native Italy and the African Republic of the Congo, where thousands attended the funeral of Italian Franciscan missionary Angelo Redaelli, 40, who was lynched earlier in the week, missionary and church sources said.
The 40-year old priest was stabbed to death with machetes on Monday, September 12, by angry villagers after he accidentally killed a 3-year-old child with his car in the Owanda diocese, some 800 kilometers (500 miles) north of the Congolese capital Brazzaville, the Missionary Service News Agency (MISNA) reported.
Angelo Redaelli reportedly immediately stepped out of his car, as did his passengers -- five Congolese religious and three Poor Clare sisters -- but they were apparently unable to safe the child's life. Furious relatives of the child and others than attacked, and killed, the Franciscan because he was the driver, forcing his companions to flee to the forest, MISNA and other news reports said .
Father Giulio Albanese, a Comboni priest and journalist, reportedly told Vatican Radio that "it must be remembered that aggressions in such circumstances are very frequent in the countries of sub-Saharan Africa."
He said that after an accident it is best to not stop, and to go directly to a police station, due to the general "lack of trust" that people have in local justice. His colleague, priest Enesto Dezza, told MISNA he did not believe the violence against "Brother Angelo" was related to Redaelli's Christian background. Christians comprise roughly 50 percent of the over three million people in Congo, according to US Central Intelligence Agency (CIA) estimates.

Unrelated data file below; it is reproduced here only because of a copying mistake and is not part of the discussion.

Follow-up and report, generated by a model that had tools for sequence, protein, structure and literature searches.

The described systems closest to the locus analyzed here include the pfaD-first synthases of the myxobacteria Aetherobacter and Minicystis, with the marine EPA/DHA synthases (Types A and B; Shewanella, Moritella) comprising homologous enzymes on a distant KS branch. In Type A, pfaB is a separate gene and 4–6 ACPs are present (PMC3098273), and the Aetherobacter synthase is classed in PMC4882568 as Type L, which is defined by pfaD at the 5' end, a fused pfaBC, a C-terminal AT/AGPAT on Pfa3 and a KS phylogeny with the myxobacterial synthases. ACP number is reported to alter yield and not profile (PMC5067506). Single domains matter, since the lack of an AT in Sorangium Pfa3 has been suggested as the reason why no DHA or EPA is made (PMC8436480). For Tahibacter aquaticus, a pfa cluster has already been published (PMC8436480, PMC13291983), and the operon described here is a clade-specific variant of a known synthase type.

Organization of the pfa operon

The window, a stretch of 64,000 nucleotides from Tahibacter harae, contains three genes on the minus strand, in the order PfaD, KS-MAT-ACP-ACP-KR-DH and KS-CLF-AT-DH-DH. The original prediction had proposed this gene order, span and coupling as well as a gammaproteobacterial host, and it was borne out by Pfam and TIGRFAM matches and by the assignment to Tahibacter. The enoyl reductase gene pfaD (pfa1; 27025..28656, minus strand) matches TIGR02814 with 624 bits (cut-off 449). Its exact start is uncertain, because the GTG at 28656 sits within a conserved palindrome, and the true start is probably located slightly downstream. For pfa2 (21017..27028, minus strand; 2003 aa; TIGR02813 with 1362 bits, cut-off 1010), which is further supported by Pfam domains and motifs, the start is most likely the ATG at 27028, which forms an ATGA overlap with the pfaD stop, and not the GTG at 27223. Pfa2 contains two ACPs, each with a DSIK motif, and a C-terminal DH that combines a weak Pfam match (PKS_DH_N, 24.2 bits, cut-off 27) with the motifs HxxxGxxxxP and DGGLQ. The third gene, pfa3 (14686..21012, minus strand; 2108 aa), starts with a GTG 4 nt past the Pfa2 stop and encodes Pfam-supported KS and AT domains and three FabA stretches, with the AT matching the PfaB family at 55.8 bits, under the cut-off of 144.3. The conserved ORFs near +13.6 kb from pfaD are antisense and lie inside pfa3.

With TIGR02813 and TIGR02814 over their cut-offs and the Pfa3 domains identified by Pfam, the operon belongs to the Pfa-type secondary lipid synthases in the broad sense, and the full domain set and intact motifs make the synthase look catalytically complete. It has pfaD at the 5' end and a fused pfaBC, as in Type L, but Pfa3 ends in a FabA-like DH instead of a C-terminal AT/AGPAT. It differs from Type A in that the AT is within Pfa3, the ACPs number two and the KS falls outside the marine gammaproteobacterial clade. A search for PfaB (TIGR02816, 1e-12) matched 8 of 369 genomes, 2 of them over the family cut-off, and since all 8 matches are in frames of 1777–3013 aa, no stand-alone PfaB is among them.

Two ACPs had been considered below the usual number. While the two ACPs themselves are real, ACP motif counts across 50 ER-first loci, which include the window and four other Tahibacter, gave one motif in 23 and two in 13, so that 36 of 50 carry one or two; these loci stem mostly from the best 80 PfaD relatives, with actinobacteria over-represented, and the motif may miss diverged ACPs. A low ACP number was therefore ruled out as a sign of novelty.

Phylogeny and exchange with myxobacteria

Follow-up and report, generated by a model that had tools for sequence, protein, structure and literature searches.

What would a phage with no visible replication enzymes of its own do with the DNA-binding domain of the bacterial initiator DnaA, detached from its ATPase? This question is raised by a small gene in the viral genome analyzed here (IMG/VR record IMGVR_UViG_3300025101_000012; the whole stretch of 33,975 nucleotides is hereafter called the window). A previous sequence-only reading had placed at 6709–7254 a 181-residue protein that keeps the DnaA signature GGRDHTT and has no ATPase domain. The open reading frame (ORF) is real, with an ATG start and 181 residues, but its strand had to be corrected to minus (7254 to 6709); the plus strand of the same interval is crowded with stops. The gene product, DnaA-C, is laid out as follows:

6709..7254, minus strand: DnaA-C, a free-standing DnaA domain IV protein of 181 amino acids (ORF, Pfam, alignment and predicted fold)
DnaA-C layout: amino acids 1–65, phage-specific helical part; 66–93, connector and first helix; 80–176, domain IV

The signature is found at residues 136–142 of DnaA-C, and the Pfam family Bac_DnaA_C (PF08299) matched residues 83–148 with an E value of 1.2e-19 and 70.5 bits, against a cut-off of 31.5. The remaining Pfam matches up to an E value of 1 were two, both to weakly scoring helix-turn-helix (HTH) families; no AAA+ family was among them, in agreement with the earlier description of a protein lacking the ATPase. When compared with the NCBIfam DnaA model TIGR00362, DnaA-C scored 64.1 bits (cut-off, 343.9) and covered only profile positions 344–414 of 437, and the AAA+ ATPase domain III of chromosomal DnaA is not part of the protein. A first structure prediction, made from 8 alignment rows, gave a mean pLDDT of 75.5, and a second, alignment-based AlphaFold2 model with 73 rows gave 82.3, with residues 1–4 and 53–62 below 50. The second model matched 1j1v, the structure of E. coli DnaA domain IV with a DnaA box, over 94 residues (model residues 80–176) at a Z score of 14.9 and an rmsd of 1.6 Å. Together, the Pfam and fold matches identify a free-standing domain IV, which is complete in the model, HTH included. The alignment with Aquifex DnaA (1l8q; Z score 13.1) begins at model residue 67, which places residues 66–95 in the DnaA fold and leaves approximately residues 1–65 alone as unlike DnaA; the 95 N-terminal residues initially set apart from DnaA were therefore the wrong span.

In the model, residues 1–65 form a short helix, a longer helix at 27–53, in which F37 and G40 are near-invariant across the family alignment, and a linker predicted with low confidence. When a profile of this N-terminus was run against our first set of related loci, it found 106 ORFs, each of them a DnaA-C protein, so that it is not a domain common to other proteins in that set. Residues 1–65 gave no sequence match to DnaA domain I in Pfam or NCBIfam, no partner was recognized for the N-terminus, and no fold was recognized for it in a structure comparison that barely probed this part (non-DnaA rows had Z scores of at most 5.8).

"The violent reaction would have been the same even if there had been another person or a local driver at the wheel," he was quoted as saying.
Born in Tradate, Italy, "Father Angelo" ,as Catholics called him, arrived in Congo two years ago, his first experience in Africa. He has been in several missionary activities, including at shelters for street children in the capital Brazzaville and in Congo's northern area of Makua, MISNA said.
OUT OF LOVE
In his homily at the funeral mass in Brazzaville Cathedral, Archbishop Andres Carrascosa reportedly said that "it was out of love that he decided to stop and help the little girl,[who suddenly appeared in front of his car] and out of love that he gave his life."
"Justice must follow its course and the law its teaching action, but, in the end, there is need of education and formation in human and spiritual values that spring directly from the Gospel," said the apostolic nuncio on behalf of the Vatican.
His body arrived Friday, September 16, in Turate, Italy where a funeral mass and burial was to take place, MISNA reported. (With reports from Africa, BosNewsLife Research and Stefan J. Bos).